» A collection of five stories about living with FASD, based on stories told by members of the Whitecrow Village community.
  • Droppin’ the flag. (Graphic novel)
    By Steven Keewatin Sanderson et al. Courtenay, Bc: Healthy Aboriginal Network, 2011.
    » This is the story of Gary, his difficult early years, his gang involvement, and his experience leaving the gang and integrating back into the community. The graphic novel was tested with gang youth who found it credible. Library holdings are the school version.
  • An invited threat: diabetes prevention comic book. (Graphic novel)
    By Steven Keewatin Sanderson. Vancouver, BC: Healthy Aboriginal Network, 2008.
    » This diabetes prevention comic book is about a young boy and what he likes to eat more than anything – junk food. The story was focus group tested with youth and health professionals for its ability to convey the idea of what is, and what is not, healthy food.
  • Just a story. (Graphic novel)
    By Steven Keewatin Sanderson. Vancouver, BC : Healthy Aboriginal Network, 2009.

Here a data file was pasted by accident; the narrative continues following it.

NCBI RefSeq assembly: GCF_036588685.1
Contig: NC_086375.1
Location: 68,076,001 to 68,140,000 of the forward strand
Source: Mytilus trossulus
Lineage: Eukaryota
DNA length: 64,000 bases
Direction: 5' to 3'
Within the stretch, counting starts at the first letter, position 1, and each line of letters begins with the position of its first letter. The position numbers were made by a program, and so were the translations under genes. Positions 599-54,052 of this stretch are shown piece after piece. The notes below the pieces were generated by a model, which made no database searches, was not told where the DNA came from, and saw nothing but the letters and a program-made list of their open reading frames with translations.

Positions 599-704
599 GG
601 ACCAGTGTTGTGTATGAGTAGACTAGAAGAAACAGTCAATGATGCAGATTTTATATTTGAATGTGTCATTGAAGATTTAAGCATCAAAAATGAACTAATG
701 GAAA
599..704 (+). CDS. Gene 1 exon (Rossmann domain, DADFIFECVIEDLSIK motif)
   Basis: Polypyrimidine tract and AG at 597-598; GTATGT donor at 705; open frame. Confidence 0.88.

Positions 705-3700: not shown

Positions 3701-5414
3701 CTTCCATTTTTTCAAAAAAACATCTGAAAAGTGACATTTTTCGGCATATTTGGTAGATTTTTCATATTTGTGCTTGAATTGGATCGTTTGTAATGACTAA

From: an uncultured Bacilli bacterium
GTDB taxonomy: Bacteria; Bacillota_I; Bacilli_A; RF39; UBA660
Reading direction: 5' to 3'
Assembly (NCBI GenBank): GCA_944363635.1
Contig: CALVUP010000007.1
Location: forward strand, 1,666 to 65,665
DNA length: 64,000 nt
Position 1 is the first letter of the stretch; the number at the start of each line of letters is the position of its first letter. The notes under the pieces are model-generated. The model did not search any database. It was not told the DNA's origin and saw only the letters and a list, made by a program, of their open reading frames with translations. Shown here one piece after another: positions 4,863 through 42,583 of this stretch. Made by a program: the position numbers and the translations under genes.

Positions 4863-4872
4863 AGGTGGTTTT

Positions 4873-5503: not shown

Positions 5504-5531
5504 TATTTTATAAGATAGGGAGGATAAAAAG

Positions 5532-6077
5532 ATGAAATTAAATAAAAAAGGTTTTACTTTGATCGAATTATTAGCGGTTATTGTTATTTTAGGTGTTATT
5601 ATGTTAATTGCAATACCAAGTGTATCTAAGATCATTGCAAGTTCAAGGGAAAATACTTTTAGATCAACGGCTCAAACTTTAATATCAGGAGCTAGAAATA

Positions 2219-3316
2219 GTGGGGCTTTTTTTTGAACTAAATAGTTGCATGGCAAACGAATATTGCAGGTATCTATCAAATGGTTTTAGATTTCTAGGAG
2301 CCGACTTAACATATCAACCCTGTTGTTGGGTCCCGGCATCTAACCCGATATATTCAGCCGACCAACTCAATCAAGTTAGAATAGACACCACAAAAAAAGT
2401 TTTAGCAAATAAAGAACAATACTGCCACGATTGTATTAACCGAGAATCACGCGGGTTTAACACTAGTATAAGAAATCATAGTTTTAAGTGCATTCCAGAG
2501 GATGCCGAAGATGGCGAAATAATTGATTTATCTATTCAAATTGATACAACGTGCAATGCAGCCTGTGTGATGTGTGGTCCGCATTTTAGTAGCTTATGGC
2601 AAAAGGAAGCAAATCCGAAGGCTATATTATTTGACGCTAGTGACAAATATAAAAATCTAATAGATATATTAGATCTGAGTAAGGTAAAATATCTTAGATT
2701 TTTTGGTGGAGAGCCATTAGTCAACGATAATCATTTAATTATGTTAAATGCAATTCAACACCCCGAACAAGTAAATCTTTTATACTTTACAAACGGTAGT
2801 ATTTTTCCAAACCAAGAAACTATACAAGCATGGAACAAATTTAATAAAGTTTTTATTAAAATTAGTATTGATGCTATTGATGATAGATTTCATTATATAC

» This is a story about Wendy and Adam, two kids who learn through the support of others to manage their stress and anger despite their parents fighting.
  • Kiss me deadly. (Graphic novel) 
    Richard Van Camp, writer; Chris Auchter, pencils, inks, lettering and front cover. Courtnay, BC: Healthy Aboriginal Network, 2011.
    » This graphic novel focuses on a variety of issues around sexual health, discussed from the point of view of a diverse group of First Nations friends, lovers, and relatives. Topics range from respect and communication in relationships, to pregnancy and sexually transmitted infections, two-spirit people and sexual health as a career or youth led project.
  • It takes a village. (Graphic novel)
    By Zoe Hopkins, Amancay Nahuelpan, ill. Courtenay, BC: Healthy Aboriginal Network, 2012.
    » This graphic novel tells the story of Lara, a young pregnant woman. She learns about how to take care of herself and provide the best possible start for her baby when the woman Danis comes to visit. Lara learns about eating healthy foods, avoiding alcohol, breastfeeding, keeping the baby’s father involved, and bonding with her baby.
  • Level up. (Graphic novel)
    By Steven Keewatin Sanderson. Vancouver, BC : Healthy Aboriginal Network, 2008.
    »  Terry is not interested in school. His family does not react well when he announces his decision to quit, and a trip to visit his cousin, a video game designer, changes his mind.
  • Lighting up the darkness. (Graphic novel)
    By Steve Keewatin Sanderson. Vancouver, BC: Healthy Aboriginal Network, 2011.